“That’s certainly not what my Canadian friends have told me,” I said. “I don’t know about England, but they told me in Canada if something’s seriously wrong, you’re priority. It’s true you might have to wait longer for routine stuff, but heck, I made this appointment a year ago!” It’s true, I had.

“Oh no,” my doctor responded, wagging her finger at me. “I know someone who lives in Vancouver and when she needed something done she went to Seattle.”

Clearly we weren’t getting anywhere, trading our stories about “people we knew.” What I did say was, what do we do? This can’t be the best there is. What we’re doing now isn’t working, too many people are uninsured, and the poor are suffering the most.

“Oh, the poor have TennCare,” she said.

And so it went. Clearly my doctor didn’t know the first thing about people who weren’t her patients. She worked at a nice office in the heart of Nashville’s central healthcare campus, not the Vine Hill or Downtown clinics. Her clients weren’t the uninsured or marginalized. Nor did she know anything about what was happening in the state legislature. I asked her if she was aware that there were bills in the legislature requiring women to get an ultrasound before receiving an abortion.

“Really?!” She seemed genuinely surprised. Jesus, lady! I wanted to scream. You’re a gynecologist! This is your field! Don’t you pay attention to what legislators are doing affecting your own business?

I asked if there was any medical reason why this procedure would be necessary. “They need to do it,” she said, “to determine the age of the fetus.”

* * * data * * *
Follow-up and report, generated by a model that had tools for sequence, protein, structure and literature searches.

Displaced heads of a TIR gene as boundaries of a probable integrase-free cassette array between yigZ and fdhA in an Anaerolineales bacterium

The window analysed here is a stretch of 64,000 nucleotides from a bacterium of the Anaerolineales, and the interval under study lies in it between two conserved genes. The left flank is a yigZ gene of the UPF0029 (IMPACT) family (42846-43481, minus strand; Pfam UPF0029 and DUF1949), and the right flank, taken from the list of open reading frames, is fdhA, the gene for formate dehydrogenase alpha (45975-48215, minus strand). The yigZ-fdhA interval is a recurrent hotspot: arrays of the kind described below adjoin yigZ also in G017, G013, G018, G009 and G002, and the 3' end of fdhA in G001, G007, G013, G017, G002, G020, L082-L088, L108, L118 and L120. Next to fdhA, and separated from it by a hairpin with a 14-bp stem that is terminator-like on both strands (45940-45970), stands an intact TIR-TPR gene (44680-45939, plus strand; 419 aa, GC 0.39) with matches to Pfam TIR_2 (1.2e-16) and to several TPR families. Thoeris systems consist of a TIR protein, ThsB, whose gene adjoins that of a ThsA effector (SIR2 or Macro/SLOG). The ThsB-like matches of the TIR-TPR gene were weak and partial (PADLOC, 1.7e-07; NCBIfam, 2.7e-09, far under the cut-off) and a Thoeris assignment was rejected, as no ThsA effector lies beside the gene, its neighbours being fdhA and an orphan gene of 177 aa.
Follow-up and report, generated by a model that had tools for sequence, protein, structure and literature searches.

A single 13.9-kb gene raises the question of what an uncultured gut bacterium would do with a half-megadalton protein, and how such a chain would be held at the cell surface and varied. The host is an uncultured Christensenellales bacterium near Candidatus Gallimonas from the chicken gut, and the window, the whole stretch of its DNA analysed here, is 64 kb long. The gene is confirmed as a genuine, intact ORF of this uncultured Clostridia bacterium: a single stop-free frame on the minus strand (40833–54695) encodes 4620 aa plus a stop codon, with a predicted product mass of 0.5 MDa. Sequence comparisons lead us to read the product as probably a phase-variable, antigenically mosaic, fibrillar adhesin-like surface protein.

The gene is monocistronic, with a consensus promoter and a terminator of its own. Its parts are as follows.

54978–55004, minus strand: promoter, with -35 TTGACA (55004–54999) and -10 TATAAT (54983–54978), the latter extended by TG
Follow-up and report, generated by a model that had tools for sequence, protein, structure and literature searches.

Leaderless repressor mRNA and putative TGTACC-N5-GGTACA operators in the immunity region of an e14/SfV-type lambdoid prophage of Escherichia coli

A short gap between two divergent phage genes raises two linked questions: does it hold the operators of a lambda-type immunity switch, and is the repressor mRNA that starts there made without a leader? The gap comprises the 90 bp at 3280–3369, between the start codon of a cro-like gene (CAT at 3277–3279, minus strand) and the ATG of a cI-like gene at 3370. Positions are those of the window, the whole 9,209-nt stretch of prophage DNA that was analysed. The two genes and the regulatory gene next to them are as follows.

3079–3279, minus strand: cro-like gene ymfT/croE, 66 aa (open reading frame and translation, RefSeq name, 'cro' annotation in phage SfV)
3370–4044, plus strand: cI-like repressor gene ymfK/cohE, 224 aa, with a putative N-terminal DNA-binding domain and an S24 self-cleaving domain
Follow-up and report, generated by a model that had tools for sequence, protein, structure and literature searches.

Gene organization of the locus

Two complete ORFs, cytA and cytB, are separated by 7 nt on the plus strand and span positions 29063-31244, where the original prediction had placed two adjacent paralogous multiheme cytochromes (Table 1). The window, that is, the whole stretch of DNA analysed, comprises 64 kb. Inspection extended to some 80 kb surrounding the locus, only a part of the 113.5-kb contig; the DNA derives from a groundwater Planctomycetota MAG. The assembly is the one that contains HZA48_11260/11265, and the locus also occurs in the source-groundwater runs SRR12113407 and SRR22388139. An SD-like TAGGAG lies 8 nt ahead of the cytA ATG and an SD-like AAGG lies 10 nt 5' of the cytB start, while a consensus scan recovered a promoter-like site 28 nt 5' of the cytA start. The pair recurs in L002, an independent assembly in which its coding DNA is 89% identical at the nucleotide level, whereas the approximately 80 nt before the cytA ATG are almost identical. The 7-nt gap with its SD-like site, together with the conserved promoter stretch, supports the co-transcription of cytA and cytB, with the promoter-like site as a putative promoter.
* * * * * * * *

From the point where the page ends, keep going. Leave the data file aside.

“But what if a woman is positive that it’s within the first trimester?”

“They still need to do it, to make sure.”

“To make sure?”

“To make sure she’s telling the truth.”

Wow. So we have this law to mandate a diagnostic procedure because women are liars. Got that, ladies? The government thinks you’re all liars, just like with all of that “legitimate rape” stuff, and so they need to check up on you with a diagnostic tool whose sole function is to make sure you’re telling the truth.

Yes, Republicans. Do tell me more about your belief in “small government.” I’m dying to hear.

Keep in mind, I was just told I wouldn’t get a routine colon cancer diagnostic because my insurance won’t pay for it.

Like an idiot, I asked my doctor if she performed abortions. She told me no.

“Does anyone here perform them?”


“So where does someone go if they need one? Someone with insurance, who can afford it, where do you refer them?”

“Planned Parenthood, I guess,” my doctor answered. “Or Atlanta.”

Keep in mind, Nashville is a healthcare city. Healthcare is one of the largest industries here. We have several major hospitals here. The Nashville Chamber of Commerce proudly touts how healthcare contributes $30 billion to the local economy and creates over 210,000 jobs. But that’s all bullshit. None of that matters if you’re a woman who needs an abortion. For that, you go to Atlanta.